Let's say you're lucky enough, or just plain old enough, to have bought a copy of Truman Capote's In Cold Blood on January 12, 1966. Let's say you're lucky enough or just plain smart enough to have held on to it and kept it in perfect shape for the past 47 years. And let's say it was one of the first 500 copies, which the author signed. If so, congratulations: For once in your life, even the smuggest collector can't claim that his copy of a book is "better" or more valuable than yours.
Art Dudley Posted: Feb 06, 2013 2 comments
Sad though they may be, Flat Earthers endure in getting two things right: In any music-playback system, the source is of primary importance; and in a music system in which LPs are the preferred medium, the pickup arm is of less importance than the motor unit—but of greater importance than just about everything else.
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Art Dudley Posted: Jan 04, 2013 3 comments
By the end of last month's column I'd invested a total of $290 in acquiring and refurbishing a 55-year-old Rek-O-Kut Rondine Jr. turntable. In the weeks that followed I spent just a few dollars more on some small parts—one of which sprang from a technology that I don't believe existed in the 1950s—that made small but welcome improvements in the performance of this outwardly simple player. I'll come back to those improvements in a moment, but for now let's get started on putting Junior back together again.
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Art Dudley Posted: Dec 12, 2012 7 comments
For the qualities I most value in a music system—impact, substance, texture, color, and, above all, the ability to play lines of notes with a realistic sense of momentum and flow—the venerable Garrard 301 and similar well-made turntables with powerful motors and idler-wheel drive are the sources to beat. Unfortunately, good-condition samples of the Garrard 301 and 401, the Thorens TD 124, and any number of exotic EMTs have become scarce and ever more expensive.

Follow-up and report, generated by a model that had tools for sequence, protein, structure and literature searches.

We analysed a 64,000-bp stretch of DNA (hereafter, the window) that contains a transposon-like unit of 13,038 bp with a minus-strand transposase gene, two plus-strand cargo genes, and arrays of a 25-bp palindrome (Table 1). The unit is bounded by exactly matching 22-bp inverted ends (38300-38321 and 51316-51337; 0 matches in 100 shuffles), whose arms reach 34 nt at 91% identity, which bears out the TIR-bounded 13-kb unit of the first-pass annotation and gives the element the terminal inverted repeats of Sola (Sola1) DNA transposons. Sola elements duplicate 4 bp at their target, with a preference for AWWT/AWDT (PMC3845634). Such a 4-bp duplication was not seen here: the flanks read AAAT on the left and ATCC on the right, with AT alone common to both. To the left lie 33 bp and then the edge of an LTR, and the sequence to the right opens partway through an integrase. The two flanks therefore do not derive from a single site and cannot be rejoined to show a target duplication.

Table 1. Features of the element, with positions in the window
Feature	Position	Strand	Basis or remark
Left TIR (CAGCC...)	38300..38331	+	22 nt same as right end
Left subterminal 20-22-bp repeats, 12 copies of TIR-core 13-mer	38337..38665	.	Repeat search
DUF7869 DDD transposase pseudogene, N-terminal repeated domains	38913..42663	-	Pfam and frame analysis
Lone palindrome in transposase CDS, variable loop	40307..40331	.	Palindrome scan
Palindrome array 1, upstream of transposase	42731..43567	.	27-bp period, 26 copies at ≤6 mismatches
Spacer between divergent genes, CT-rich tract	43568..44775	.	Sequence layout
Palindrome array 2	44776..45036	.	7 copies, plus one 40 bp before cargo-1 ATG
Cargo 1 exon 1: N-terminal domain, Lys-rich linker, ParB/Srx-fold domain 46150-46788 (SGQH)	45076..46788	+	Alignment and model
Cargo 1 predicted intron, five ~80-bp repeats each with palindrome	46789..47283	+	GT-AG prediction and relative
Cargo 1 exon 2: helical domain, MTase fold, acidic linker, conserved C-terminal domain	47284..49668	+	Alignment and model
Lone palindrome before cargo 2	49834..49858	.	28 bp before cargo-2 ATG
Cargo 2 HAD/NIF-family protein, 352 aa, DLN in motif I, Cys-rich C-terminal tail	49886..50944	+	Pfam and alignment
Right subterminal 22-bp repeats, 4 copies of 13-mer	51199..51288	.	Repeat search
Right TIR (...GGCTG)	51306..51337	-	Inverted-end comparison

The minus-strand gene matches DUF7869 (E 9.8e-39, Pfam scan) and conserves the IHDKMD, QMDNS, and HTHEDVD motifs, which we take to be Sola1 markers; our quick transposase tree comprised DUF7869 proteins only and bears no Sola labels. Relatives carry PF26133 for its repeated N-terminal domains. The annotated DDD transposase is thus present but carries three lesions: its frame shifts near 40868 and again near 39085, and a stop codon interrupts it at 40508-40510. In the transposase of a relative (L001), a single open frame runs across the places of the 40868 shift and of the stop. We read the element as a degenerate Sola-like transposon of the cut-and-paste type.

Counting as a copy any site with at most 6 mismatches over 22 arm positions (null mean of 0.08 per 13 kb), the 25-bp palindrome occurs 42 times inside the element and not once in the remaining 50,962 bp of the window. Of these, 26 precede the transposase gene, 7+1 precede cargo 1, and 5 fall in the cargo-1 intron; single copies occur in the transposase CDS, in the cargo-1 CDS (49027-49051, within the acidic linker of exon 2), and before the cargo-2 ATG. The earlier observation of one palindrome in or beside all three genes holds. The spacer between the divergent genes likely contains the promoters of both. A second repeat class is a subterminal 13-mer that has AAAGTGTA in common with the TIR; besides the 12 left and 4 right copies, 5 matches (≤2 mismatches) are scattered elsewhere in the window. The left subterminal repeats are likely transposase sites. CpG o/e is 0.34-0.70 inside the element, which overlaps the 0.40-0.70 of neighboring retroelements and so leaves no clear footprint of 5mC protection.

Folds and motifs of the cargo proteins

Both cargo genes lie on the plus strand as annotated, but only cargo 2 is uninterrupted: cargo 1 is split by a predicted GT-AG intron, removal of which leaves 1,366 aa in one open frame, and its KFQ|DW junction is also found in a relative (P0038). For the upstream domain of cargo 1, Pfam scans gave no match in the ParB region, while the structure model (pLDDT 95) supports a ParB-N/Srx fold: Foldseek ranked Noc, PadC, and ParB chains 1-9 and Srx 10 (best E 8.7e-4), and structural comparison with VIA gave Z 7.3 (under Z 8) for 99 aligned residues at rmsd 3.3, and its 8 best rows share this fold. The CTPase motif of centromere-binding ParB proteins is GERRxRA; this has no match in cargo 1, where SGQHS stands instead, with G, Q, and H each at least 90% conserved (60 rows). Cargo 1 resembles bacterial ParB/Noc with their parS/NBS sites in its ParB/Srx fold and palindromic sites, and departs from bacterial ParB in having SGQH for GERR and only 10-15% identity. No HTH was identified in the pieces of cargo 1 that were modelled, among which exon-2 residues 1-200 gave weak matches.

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Art Dudley Posted: Nov 14, 2012 4 comments
Apart from a 2004 column in which I made cruel fun of the angriest (footnote 1) complaints I'd received to that point—an entertaining if lazy template I hope to re-use before long—I've done little to acknowledge the mail I receive every week, most of it thoughtful and positive. I'm especially grateful for the nice letters I get every time I write about vintage audio, as I did in Stereophile's August issue ("Five vintage loudspeakers you should hear before you die"): The art of music is best served by an open-minded approach to playback gear, and I'm encouraged to think that some Stereophile readers actually understand that.